Wondering what the best fishing bait is? Then you need this fishing bait guide.
If you think earthworms will cut it every single time, you won't always catch much. Every type of fish is different, with a slightly different diet. This means that you'll need to switch up your bait depending on what you're after.
The world of bait can be confusing, but in our fishing bait guide, we'll break it down. Choosing the right bait will have a major impact on what you catch, so read this fishing bait guide before your next fishing trip!
You don't need live bait for every fishing venture. In fact, there are many different kinds of effective artificial bait you can choose from.
Some people like artificial bait or lures because they tend to be less messy. Lures also reduce the chances that the fish will get "gut hooked" - this is when they swallow the hook deeply or completely.
Lures tend to be more expensive than live bait, and are more likely to get caught in underwater debris. But for some kinds of fish, they're your best bet. Here's our fishing bait guide to the most common types of artificial bait.
Jigs are a versatile way to attract the attention of many kinds of fish. Almost any game fish out there will respond to a jig, and jigs are also a particularly inexpensive kind of lure.
These lures have weighted heads, and are adorned with hair, feathers, plastic grubs, or other things that will catch a fish's eye. One of the main challenges of jigs is that you have to keep them moving to catch the fish - if you let them sit there, they'll just sink.
For a much easier lure experience, you'll want to try spinners. These lures are ideal for beginner fishers because they're super easy to use.
Spinners typically use a metal shaft with a blade that spins around to look appealing to fish. The hook is covered or uncovered depending on the type of spinner you get.
To get the blades to spin, all you need to do is pull this kind of lure through the water. The vibrations and sound it makes will be noticed by fish, so this is a great choice if you're fishing in dirty or murky water where visual lures are less effective.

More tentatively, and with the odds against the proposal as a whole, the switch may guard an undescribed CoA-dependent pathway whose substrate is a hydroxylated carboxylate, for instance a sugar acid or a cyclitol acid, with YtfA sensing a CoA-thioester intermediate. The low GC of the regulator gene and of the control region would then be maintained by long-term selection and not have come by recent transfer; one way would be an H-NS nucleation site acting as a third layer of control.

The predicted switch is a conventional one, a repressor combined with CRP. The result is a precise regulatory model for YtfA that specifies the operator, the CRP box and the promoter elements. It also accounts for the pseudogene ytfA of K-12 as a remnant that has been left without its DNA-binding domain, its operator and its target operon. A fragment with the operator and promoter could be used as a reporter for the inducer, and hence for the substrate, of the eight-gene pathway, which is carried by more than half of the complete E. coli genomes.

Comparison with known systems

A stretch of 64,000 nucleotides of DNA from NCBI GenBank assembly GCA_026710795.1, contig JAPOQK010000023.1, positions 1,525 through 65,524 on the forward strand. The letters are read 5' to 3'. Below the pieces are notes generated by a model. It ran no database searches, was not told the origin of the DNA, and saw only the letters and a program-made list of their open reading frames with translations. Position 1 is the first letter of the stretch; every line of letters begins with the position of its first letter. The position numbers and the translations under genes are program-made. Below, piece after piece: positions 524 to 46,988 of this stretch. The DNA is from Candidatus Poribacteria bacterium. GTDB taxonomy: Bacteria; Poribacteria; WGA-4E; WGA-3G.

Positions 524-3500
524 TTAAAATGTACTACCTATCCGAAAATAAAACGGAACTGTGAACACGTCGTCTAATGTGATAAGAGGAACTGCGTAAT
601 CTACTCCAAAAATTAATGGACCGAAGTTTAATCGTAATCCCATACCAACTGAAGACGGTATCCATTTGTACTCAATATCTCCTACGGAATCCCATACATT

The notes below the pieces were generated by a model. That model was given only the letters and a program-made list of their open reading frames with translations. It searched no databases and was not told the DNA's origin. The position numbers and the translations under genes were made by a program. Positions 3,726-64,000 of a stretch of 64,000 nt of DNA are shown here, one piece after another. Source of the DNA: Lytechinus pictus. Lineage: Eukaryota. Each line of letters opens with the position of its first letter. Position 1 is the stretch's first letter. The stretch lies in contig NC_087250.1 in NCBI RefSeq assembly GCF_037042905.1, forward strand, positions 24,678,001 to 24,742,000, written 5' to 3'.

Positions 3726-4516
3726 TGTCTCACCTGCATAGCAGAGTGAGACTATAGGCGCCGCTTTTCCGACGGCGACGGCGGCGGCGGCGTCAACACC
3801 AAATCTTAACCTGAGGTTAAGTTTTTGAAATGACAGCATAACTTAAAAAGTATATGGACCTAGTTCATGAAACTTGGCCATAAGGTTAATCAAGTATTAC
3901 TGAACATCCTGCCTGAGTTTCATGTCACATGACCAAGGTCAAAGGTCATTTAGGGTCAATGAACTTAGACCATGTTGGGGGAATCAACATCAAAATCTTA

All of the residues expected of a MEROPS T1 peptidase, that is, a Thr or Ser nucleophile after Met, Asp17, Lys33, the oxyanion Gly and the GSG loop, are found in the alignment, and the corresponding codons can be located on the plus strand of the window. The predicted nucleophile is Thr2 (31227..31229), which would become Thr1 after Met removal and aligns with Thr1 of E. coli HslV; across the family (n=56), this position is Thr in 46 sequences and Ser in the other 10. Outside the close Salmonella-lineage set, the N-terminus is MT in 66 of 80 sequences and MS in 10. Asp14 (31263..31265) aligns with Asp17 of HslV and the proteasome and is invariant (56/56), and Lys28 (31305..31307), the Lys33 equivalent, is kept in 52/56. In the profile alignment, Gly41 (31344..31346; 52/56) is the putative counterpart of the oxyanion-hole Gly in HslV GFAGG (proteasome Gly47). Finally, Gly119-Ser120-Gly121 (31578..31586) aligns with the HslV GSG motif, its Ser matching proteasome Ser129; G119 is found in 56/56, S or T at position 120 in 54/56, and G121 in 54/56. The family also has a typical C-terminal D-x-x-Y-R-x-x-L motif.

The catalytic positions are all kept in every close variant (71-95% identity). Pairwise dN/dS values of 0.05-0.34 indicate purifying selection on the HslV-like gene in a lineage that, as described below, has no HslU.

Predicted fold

This common type of lure is made of curved metal, hence the name. In fact, the very first "spoon" lures were actually just spoons with the handles removed.
Now, spoon lures are made in all types of sizes and colors, depending on what the fishing conditions are. Spoons wobble from side to side when they move through the water, so to fish, they look like injured prey.
One more type of lure that you'll use a lot is plastic versions of live bait. If you go bass fishing, you'll more than likely be using plastic bait.
These lures are made using molded plastic with metallic flakes, dye, or even scents added to make them more attractive to fish. Some of these baits look like real creatures, such as plastic worms, while others don't mimic any kind of live bait at all.
Plugs are made to look like frogs, baitfish, and other larger prey. This type of artificial bait is made out of hollow wood or plastic, with a couple of hooks attached.
Some plugs are designed to dive, while others are made to float, so you can use them at just about any depth of water. Different types of plugs will gurgle, rattle, or wobble to best mimic prey.
If you go flyfishing, then you'll definitely get familiar with this kind of bait. These lightweight artificial lures mimic insects and are made to float on top of the water.
Although flyfishing can be challenging, once you get the hang of it you'll love this highly interactive kind of fishing.
The live fishing bait guide is a little different from the artificial one. Live bait has been used in fishing for centuries, but needs a slightly different approach than artificial bait.
Fish often bite harder when you fish with live bait, and are more likely to circle back if they miss it the first time. However, live bait can be difficult to get, doesn't last that long, and can only be used once. Let's look at some of the most popular live baits to choose from.
Worms are the quintessential fishing bait for a reason. Many species of fish will bite when you use worms, and they aren't expensive or hard to find. Both small and large fish tend to go after this kind of bait.
Depending on the size of the fish you want, you might use the whole worm or just parts of it. One problem you'll likely run into is that the worms tend to fall off the hook. Bring plenty and prepare to replace them often.
If the water has a strong current, or the fish keep getting the worm without getting hooked, try fishing with leeches instead. They stay on the hook better, although fish don't strike for them as often.
Minnows are another one of the most popular kinds of live bait, because they work well for most any fish. You can get minnows of all different sizes and shapes, and you can either buy them or use a minnow trap to catch them yourself.
Going ice fishing? Minnows are the ideal bait for this extreme type of fishing, so plan accordingly.
This isn't a very common type of bait, but bass fish love crickets, as do a few species of crappie and panfish.
Before you go fishing, learn about what baits work best for the type of fish you're after, or choose a versatile bait like worms or jigs. If you don't get many bites, try a different kind of bait on your next visit to the same location.
This fishing bait guide will help you have more success on all your fishing trips. Want to up the chances of a catch even more? Check out our selection of fish finders